Melquise Stovall, Jordan Duncan, Chad Hansen, and Jordan Veasey all stood out with solid play, and those are just four of the sixteen different players who caught a pass. I only noticed a couple of minor mistakes (dropped passes, iffy routes) and there were plenty of dudes that were wide open. Sure, it was against a depleted secondary, but the breadth and depth of targets looks promising again.

Verdict: Cal's biggest recruiting success has been at the wide receiver position, both in terms of pure numbers and high end talent.

Theory: Cal's defense will be a work in progress, and highly reliant on returning starters like Hardy Nickerson and Damariay Drew

Cal's defense faced 14 possessions and allowed 11 touchdowns and one field goal. Granted, they were playing a vanilla defense and without a number of important players, but still. The defense didn't do much to slow down the offense.

Reports from official types had indicated that the defense was ahead of the offense earlier in spring practice. That's not completely unlikely when you consider that the offense has a new coordinator and lost their most important player with Jared off preparing for the draft. Evidently the offense has settled down quite nicely, and rarely looked troubled on Saturday.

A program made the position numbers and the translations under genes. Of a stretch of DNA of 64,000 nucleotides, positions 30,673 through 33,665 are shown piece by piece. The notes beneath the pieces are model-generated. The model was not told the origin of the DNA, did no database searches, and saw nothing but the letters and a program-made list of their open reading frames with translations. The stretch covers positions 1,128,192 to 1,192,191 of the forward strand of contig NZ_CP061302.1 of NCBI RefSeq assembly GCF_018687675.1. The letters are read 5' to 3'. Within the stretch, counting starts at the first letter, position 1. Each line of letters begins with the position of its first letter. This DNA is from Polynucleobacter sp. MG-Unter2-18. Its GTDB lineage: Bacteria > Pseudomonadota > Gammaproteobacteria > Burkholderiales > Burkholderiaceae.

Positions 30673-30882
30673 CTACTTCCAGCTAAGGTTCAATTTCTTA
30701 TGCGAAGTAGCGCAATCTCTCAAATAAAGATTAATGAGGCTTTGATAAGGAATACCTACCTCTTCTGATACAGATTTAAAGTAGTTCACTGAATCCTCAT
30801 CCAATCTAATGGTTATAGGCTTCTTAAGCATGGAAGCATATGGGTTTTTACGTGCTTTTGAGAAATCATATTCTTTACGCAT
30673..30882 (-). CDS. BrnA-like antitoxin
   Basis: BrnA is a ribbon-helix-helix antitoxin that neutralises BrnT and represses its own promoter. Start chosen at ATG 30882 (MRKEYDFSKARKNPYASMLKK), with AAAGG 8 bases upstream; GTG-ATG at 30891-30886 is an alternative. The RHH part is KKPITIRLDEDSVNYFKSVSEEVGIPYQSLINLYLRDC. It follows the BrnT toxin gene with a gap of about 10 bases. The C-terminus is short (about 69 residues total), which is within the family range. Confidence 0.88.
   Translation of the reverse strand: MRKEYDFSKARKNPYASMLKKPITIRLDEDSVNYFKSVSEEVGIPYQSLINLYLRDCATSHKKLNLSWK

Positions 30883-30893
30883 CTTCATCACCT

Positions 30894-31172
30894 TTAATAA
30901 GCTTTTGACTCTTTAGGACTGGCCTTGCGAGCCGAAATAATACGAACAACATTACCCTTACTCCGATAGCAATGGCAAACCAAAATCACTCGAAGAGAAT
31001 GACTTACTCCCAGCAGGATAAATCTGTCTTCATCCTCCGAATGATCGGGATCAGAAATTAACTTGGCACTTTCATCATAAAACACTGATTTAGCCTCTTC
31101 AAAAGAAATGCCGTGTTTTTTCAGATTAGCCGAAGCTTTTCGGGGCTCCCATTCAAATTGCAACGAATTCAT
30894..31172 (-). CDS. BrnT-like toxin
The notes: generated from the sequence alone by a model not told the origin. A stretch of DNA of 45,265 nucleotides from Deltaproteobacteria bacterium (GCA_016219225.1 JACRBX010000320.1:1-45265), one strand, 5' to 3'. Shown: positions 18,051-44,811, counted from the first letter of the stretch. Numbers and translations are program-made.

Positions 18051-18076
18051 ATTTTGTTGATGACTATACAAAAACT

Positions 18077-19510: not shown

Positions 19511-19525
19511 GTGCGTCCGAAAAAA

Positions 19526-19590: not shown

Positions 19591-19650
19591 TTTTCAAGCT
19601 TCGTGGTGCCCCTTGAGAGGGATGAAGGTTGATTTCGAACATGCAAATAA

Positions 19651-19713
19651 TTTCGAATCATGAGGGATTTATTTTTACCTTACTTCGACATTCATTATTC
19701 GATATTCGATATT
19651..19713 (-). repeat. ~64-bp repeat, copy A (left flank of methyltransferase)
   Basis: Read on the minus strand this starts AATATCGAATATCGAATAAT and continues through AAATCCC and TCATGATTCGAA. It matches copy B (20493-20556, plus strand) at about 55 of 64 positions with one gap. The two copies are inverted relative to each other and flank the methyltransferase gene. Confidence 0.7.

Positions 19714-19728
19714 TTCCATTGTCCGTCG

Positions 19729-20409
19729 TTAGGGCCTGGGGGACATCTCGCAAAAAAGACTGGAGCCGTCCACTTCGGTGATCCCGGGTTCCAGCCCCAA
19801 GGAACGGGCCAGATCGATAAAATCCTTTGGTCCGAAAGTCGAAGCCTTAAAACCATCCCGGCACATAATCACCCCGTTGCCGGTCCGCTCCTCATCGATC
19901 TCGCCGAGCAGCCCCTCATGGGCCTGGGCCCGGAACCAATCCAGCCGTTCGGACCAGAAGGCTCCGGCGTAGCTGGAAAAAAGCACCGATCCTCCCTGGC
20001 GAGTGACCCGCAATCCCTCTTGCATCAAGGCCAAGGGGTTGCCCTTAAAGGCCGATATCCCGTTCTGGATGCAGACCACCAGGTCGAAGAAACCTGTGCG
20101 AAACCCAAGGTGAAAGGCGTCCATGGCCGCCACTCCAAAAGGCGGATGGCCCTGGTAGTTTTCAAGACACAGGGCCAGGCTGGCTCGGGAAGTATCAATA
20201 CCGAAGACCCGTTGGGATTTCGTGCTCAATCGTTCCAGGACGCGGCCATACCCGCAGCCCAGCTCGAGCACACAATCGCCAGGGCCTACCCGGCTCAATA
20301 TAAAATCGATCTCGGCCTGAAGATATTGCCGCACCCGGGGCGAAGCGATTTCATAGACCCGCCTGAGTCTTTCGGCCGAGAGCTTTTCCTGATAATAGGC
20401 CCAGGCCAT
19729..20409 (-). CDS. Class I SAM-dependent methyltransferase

I'm very concerned about Damariay Drew's knee injury that will require surgery. It's certainly possible that it will be minor and he'll be ready to go in four months. But a serious knee injury would quite possibly rule him out for the season. Depth at safety is iffy enough. But more than that, Cal can't afford to lose a player who made impact plays to stall drives - the type of plays that were generally absent on Saturday.

Verdict: We're left hoping for good health, and that a bevy of young players learn quickly through fall camp.

Theory: That's the last football you'll see for 131 days

Verdict: Time to boot up your DVR and re-watch the Arizona State game for the 6th time, because we've got a long way to go.